Have you ever seen a performance where you felt one of your puppets was miscast?
Casting is a funny word to use in puppetry because it calls to mind casting a face or arm for a puppet. For example, I might say, "I sculpted this face for the puppet and created a paper clay cast of it to add to the body." So, as far as visual art goes, sometimes my faces do not turn out when they come off of a mold. They are miscast. I try to alter them and change or use paint to fix the imperfection. It would be nice to have all of the things made come out perfectly, but such is life.

However, as far as the theatrical use of the word, a puppet is made for its part. So, if a puppet is not able to accomplish the task it was intended to in performance, then it would indeed be miscast, but I think that lots of hard work helps alleviate that problem.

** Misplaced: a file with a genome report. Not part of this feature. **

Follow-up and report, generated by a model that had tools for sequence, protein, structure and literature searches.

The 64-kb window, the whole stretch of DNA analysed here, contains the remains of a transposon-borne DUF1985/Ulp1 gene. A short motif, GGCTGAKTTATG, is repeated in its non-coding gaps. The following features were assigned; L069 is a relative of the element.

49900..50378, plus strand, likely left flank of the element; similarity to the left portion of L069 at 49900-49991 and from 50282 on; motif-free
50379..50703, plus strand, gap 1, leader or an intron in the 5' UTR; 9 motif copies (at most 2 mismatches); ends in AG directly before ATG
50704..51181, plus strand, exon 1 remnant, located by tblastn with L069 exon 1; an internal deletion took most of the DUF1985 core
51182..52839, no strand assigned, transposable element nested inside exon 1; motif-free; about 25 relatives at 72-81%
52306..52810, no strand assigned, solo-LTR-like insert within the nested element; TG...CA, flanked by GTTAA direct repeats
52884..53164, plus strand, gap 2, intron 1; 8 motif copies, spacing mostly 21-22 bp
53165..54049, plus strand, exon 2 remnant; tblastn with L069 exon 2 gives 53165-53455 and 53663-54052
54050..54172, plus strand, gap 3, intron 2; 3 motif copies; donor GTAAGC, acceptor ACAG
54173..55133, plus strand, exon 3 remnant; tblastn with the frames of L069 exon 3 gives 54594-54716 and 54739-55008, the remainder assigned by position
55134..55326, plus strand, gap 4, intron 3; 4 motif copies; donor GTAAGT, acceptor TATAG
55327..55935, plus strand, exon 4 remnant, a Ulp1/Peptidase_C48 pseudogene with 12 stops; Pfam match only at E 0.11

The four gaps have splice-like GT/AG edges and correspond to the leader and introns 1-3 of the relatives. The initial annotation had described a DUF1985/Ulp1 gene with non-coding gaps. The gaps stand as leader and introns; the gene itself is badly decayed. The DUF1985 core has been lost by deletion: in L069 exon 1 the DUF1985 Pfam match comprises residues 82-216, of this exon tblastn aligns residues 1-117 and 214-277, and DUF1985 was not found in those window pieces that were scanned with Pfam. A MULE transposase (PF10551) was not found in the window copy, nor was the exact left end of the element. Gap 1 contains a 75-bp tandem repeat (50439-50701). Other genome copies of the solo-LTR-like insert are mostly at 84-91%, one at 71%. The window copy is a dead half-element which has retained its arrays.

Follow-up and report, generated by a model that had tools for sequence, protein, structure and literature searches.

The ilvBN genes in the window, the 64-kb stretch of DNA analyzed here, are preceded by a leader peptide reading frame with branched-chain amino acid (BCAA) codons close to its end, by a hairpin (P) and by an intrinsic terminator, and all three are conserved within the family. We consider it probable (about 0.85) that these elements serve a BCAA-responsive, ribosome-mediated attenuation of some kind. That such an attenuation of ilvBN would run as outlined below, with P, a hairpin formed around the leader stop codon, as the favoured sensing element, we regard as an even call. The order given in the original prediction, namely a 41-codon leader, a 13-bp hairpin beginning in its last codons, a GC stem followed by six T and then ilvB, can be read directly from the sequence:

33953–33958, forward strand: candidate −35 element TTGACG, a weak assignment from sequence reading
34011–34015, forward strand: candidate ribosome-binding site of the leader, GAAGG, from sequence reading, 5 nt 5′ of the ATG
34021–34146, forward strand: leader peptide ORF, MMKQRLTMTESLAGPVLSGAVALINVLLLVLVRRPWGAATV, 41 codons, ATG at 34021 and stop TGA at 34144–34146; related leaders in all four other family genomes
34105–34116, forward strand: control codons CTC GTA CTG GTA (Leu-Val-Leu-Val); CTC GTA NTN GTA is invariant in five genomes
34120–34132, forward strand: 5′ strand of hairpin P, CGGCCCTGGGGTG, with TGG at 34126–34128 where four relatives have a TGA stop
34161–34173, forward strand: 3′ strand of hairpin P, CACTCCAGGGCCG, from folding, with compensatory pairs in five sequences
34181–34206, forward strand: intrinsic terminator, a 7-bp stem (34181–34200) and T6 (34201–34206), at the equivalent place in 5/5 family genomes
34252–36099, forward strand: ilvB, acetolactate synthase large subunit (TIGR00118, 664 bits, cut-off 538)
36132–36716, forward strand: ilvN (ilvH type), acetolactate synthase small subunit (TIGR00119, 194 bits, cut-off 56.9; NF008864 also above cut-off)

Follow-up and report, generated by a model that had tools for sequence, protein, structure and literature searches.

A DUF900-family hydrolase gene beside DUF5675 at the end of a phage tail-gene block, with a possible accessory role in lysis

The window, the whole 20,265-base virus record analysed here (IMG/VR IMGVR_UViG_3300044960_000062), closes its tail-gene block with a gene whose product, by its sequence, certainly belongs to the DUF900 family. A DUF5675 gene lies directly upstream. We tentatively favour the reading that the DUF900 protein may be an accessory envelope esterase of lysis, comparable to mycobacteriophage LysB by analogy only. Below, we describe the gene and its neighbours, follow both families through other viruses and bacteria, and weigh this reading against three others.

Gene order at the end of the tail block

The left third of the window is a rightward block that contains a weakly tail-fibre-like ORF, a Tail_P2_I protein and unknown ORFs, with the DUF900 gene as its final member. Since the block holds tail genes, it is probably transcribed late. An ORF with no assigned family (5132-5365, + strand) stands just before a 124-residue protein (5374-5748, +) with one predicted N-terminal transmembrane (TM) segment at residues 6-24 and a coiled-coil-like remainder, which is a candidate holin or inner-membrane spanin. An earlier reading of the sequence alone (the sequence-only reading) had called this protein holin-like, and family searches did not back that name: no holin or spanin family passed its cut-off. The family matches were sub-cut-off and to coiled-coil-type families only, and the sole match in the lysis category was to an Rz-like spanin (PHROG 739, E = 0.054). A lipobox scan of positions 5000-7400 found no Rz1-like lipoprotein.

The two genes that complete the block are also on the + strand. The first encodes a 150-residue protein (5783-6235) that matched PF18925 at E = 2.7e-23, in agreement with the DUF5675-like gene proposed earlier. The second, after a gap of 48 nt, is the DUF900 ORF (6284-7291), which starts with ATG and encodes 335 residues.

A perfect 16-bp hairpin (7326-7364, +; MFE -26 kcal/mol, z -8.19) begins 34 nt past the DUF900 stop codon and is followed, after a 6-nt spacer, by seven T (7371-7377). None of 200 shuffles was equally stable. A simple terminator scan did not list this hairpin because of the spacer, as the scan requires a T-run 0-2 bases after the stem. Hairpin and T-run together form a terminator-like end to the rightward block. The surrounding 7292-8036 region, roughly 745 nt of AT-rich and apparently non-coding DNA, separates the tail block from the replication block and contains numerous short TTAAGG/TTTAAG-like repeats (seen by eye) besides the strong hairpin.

Are there any artists you’d cite as key influences on your puppetry?
I feel like I am constantly surrounded by artists who have affected my work, and the list is very long. In college I was heavily influenced by the idea of visual art used for social and community engagement, as practiced by a professor named Michael Strand and a ceramic artist based in Red Lodge named Jill Foote-Hutton. I also was influenced by my theatrical design mentors Rooth Varland and Pavel Dobrusky, a costume designer and scenic designer respectively.

In Minneapolis, I have been so heavily influenced and learned mountains about the form from numerous puppet artists affiliated in various ways with In the Heart of the Beast Puppet and Mask Theatre, including Bart Buch, Alison Heimstead, Soozin Hirschmugl, Stacy Lee King, Anne Sawyer-Aitch, Sandy Spieler and mountains more. For the production I am currently working on, there are four other artists that are simultaneously working on a show in the same space, and they have also had a huge influence on this production. There is a list that should rightly be 50-60 people long here, so perhaps it is difficult to say key artists.

What local puppet-centric productions have impressed you recently?
I absolutely loved the Paper Hat Game conceived by Torry Bend, which was at Open Eye Figure Theater recently. The way that projection interacted with puppets was amazingly well-designed, and the show had a good balance between narrative and stunning visuals.